As to my recollection it was always there
I do recall a day when I smashed my thumb
Trying to hammer a nail into the floor
It got black and blue, and hurt for days
A week later, when uncle John came to visit
He fixed my treehouse and even put a new roof
My dad said it was my kingdom and that
I was the princess of the tree castle
I cried that I didn’t want to be a princess
That it was my castle, and I was the queen
But a pretty little girl should be a princess
NO! I said and my mom agreed that
It was my castle and if I wanted
To be the queen, it was OK.
Now many years later, when I go home
I see that my castle is in need of repair
My daughter, now three, claimed
That she wanted to be the queen
So last week, visiting my folks for X-mas
I took hammer and nails to fix the castle
And smashed my thumb again
It is black and blue now, and
The pain brings back many memories
Having a castle can be painful but fulfilling!
FIFA or the World Cup is usually held in the summer. But due to the location of the event - this year in Qatar - it was moved to December. Qatar is on the south side of the Persian Gulf and the northeast side of the Arabian Peninsula where it is known as ‘God’s Anvil,’ as was said in the movie: Lawrence of Arabia. The formidable winds from North Africa, further heat up as they cross this scorching barren land. Even though FIFA is being held in December, the games are played after sunset, to protect the players from heatstroke.
The games have been a good distraction from an otherwise very difficult year. Like millions of people around the world, I’ve been glued to the TV for the past weeks. Yesterday’s match between France and Morocco was a nail biter. Even though France won, Morocco sure gave them a run. The first African nation to make it to the semi-final and play so well. The final game between Argentina and France will be on Sunday (Dec. 18) 8 AM mountain time. It will be another exciting game.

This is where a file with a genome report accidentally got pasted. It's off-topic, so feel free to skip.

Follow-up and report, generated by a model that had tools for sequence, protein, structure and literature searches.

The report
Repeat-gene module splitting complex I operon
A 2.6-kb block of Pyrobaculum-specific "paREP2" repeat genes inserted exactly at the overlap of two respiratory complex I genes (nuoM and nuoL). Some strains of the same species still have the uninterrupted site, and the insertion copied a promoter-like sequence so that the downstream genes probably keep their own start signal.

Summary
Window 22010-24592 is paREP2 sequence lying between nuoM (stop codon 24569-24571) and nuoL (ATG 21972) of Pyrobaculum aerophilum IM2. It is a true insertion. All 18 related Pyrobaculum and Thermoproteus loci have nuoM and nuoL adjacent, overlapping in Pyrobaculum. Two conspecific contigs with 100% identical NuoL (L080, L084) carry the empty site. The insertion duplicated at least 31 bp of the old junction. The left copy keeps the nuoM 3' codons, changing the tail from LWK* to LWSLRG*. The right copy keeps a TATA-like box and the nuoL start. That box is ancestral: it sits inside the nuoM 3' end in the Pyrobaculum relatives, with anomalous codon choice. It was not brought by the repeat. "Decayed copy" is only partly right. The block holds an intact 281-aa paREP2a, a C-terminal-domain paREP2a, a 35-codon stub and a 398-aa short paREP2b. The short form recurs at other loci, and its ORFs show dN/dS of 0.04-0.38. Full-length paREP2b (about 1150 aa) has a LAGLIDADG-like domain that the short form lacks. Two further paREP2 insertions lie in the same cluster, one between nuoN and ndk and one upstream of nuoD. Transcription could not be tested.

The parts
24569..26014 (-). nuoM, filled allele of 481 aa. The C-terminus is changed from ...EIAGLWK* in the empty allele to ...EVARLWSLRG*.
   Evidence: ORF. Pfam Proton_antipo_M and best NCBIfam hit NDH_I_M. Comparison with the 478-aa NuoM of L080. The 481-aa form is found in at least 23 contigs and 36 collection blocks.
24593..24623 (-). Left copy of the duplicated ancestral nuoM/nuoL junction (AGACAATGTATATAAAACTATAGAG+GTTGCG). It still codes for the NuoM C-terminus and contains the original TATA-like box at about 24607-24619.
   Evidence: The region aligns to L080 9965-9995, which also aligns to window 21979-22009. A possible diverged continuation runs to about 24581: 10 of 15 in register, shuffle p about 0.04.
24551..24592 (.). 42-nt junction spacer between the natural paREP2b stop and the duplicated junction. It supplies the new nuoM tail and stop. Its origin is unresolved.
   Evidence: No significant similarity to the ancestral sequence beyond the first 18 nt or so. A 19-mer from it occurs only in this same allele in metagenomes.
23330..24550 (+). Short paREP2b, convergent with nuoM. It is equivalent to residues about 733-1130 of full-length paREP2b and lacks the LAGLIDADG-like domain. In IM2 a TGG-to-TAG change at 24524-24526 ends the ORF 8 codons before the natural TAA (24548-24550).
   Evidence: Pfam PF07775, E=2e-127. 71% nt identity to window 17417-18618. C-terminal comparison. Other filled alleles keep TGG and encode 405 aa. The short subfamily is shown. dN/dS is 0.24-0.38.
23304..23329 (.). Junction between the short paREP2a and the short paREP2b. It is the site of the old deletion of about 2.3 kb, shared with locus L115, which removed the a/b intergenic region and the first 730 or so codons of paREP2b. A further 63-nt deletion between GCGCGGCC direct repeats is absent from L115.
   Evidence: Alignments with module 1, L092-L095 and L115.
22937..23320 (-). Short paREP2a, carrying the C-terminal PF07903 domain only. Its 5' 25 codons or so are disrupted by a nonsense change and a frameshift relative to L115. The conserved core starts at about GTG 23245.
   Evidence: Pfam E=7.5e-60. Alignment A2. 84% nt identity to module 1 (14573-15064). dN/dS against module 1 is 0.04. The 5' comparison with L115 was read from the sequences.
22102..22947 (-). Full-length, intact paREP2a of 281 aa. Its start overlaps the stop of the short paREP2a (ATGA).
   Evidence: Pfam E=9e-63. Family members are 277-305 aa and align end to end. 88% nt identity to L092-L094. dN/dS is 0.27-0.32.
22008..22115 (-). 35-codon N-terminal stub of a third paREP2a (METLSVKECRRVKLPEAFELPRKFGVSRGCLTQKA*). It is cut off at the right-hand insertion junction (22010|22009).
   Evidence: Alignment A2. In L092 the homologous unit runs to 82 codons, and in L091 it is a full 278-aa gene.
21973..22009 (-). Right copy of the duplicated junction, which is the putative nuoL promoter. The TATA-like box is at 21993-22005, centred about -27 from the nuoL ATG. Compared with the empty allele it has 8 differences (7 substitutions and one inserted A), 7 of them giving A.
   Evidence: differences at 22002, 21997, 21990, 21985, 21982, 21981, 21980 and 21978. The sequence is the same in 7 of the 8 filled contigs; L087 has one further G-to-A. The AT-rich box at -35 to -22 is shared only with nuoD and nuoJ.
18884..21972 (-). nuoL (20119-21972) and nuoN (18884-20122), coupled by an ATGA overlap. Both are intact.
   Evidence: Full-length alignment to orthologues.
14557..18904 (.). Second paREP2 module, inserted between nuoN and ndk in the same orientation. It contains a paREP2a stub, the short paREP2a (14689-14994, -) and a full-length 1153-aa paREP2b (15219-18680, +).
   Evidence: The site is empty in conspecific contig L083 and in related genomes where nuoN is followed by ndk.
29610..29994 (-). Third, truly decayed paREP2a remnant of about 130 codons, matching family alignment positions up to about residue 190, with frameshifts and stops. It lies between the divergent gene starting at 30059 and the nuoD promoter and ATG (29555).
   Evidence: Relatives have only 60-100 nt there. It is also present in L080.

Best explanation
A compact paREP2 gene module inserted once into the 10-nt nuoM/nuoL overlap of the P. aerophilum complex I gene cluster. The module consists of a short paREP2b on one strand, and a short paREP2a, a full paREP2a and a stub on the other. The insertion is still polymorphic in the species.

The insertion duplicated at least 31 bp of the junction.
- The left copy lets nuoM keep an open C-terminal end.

How I wish we could get this excited about our healthcare. Even a little excitement would add to the well-being of us all, and with all the technology available to us, it would be at a fraction of the cost of establishing, providing and participating in these international pastimes. Of course, I realize that it is the teamwork and competitiveness of sports that make them so exciting and healthcare is not a competitive sport. But it does require and demand teamwork. That teamwork could be built upon. As healthcare providers, we can assure that the service we provide is to the best of our ability. And showing a little enthusiasm in providing it, well, could be contagious.
Let us hope and pray for a better year full of contagious enthusiasm ahead.